Mr. Alata has political asylum in Denmark and lives in the port city of Vejle. His brother, Mohamed, got that status only after turning 18. But their mother, Sabriya, and two sisters had their permits revoked just a few weeks ago. They worry Sabriya risks arrest on return to Syria because she gave food and water to protesters, and because Abdo and Mohamed dodged military service.
They also fret over how sisters Tasnim and Sahed would cope in Syria, since life in Denmark is all they know. The girls speak Danish fluently, have Danish friends, and don’t know how to write Arabic.
“The little ones don’t know the details or the scale of crimes in Syria,” says Mr. Alata. “They only know our father in pictures. I raised them. Sometimes they call me baba [father] but Denmark does not take these feelings into account.”
Anxiety also filled Belqis Ibrahim as she drove her parents for a routine COVID-19 test earlier this month in Aarhus, Denmark’s second-largest city. “Every time I listen to the news, I get stressed,” says Ms. Ibrahim, who recently completed studies in software engineering. “From the moment we got here, there have been discussions in parliament about sending Syrians back.”
“Refugees are seen as problematic”
The dominance of far-right and conservative nationalist values came into sharp focus with the tough-on-migration campaign promises that returned the leftist Social Democrats to power in the summer of 2019. Those promises became policies – building on a February 2019 “paradigm shift” law that had secured the backing of major parties and puts an emphasis on returns over integration. Prime Minister Mette Frederiksen now aims for zero asylum-seekers.
The Nordic country is not too far from achieving that goal. In 2020, the country accepted 1,515 asylum applications – a drop from 3,500 in 2017. Only 1% of the 2020 requests were granted in Denmark, compared to 11% in Sweden, which handled nearly 13,000 applications, and 88% in Germany, which tackled more than 100,000 that year.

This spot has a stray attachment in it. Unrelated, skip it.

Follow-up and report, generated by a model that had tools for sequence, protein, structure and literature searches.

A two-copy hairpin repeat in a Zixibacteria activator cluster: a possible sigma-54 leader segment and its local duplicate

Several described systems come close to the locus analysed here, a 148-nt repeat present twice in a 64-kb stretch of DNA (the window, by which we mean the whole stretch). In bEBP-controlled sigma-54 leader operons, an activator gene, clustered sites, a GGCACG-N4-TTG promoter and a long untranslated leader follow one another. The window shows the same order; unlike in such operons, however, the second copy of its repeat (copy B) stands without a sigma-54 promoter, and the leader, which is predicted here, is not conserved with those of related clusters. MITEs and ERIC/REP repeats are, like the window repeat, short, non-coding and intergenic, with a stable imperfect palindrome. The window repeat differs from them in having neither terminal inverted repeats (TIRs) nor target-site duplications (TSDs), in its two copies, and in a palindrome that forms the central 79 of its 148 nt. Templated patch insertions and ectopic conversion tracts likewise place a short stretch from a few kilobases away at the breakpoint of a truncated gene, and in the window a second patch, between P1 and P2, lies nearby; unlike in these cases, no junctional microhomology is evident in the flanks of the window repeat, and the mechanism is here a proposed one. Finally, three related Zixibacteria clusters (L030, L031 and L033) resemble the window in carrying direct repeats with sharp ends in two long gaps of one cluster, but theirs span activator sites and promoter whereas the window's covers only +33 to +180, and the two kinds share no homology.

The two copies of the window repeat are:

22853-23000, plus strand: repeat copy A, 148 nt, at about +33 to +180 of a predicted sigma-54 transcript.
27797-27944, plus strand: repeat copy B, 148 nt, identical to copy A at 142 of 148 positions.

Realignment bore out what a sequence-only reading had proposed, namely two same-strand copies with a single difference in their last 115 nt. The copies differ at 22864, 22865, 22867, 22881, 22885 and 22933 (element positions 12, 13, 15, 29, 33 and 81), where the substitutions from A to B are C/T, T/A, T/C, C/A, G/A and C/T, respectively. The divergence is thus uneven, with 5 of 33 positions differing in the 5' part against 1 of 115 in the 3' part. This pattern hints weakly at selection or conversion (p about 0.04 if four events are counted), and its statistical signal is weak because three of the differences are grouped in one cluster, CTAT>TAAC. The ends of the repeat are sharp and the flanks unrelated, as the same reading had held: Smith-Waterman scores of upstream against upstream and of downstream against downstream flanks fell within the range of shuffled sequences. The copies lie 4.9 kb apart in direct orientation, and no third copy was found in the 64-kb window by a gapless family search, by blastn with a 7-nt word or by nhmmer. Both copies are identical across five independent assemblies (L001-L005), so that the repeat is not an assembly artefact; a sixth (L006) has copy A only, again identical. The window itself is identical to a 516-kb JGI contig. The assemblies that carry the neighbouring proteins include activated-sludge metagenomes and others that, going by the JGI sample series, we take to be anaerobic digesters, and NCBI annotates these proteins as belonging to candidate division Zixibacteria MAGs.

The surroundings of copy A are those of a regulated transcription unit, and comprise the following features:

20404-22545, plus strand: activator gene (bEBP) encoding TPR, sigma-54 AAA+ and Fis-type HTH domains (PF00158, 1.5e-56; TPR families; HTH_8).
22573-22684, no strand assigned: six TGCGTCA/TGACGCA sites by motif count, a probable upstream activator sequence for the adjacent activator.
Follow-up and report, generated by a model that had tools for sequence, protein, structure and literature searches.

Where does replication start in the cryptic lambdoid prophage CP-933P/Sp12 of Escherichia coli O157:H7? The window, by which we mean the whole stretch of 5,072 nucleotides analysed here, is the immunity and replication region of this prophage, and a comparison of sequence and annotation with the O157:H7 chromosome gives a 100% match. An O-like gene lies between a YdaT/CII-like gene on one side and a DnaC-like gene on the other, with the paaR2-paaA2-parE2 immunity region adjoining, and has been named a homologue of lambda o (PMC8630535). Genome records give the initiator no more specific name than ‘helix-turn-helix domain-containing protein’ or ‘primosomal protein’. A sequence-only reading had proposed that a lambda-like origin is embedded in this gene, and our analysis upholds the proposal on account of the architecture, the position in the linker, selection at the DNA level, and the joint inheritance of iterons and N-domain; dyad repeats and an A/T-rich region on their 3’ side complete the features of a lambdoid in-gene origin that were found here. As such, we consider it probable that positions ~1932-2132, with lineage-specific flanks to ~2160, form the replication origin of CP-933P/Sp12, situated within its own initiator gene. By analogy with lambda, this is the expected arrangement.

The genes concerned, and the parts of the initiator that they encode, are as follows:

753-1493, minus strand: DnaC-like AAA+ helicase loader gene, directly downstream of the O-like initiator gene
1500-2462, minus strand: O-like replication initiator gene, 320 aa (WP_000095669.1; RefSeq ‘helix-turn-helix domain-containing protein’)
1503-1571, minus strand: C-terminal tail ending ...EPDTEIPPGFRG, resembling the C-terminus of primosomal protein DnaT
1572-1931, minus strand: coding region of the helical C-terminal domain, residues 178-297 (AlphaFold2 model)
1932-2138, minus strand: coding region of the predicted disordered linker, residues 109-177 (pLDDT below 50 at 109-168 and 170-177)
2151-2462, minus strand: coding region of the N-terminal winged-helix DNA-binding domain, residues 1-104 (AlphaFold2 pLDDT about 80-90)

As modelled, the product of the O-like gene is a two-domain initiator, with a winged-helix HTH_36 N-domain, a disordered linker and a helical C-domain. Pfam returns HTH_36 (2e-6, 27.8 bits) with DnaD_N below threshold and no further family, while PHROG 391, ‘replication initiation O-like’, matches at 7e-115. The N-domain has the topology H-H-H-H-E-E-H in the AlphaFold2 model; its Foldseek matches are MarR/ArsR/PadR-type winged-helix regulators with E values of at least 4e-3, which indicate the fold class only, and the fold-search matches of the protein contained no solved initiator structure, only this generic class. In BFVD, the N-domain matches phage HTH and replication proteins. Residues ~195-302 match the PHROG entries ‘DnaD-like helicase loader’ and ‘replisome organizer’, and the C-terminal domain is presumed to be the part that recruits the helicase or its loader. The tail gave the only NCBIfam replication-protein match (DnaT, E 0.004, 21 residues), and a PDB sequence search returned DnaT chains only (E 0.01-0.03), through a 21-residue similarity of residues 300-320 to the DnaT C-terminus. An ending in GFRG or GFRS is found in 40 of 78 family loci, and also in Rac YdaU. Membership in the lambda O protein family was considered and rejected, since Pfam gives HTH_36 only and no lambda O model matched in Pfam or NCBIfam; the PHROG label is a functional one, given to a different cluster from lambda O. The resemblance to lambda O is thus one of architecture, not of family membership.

“The Social Democrats realized early on that they have to be strict if they want to keep power and form governments,” says Professor Breidahl.
She notes that there is a widespread perception – particularly among the decisive demographic of older, white- and blue-collar voters – that social cohesion and high social trust in Denmark require a homogeneous society. The welfare state is valued by all, but over time it has become less inclusive.
“Refugees are seen as problematic, especially refugees from Muslim and African countries,” says Professor Breidahl. “It began with the political parties who wanted to gain voters but now the political parties are also constructing the voters and the way they think about refugees and immigrants. There are so many wrong pictures about what a refugee is, what is an asylum-seeker.”
The result, she adds, is stricter and stricter rules that are demotivating even for those who have the residency permits and are trying to integrate. Municipal social workers who try to facilitate integration through language courses and professional training are required to raise the option of return at every meeting, not just with Syrians, but also Iranians, Iraqis, and South Americans.
“The system is full of dilemmas,” says Professor Breidahl, who researches global migration flows and their impact on the welfare system. “It is really difficult.”
Expulsions on hold
To date, about 400 Syrians, including minors, have had their cases rejected by the Danish immigration services. But under criticism both domestic and abroad, forced returns have been ruled out by the government.
Regardless, the rejections cannot result in any immediate expulsions for a simple legal reason: Syrians cannot be forcibly returned as long as Copenhagen’s diplomatic ties with Damascus remain broken. That leaves Charlotte Slente, head of the Danish Refugee Council, puzzled. “It is pointless to remove people from the life they are trying to build in Denmark and put them in a waiting position without an end date, after they have fled the horrible conflict in their homeland.”
Still, since 2019, about 250 Syrians with legal residency in Denmark have been repatriated voluntarily, taking up the government on a substantive cash offer of $28,400, according to the Ministry of Immigration and Integration. But some, like Khadijah Rahal’s daughter, Nevien, have been able to mount successful appeals against having their status revoked. She hopes she and her husband will be able to do the same.
“For someone who has problems with the Syrian regime, you can give them all the millions of the world, but they will not go back,” says Ms. Rahal. “Over there it is certain death. Here it is psychological warfare.”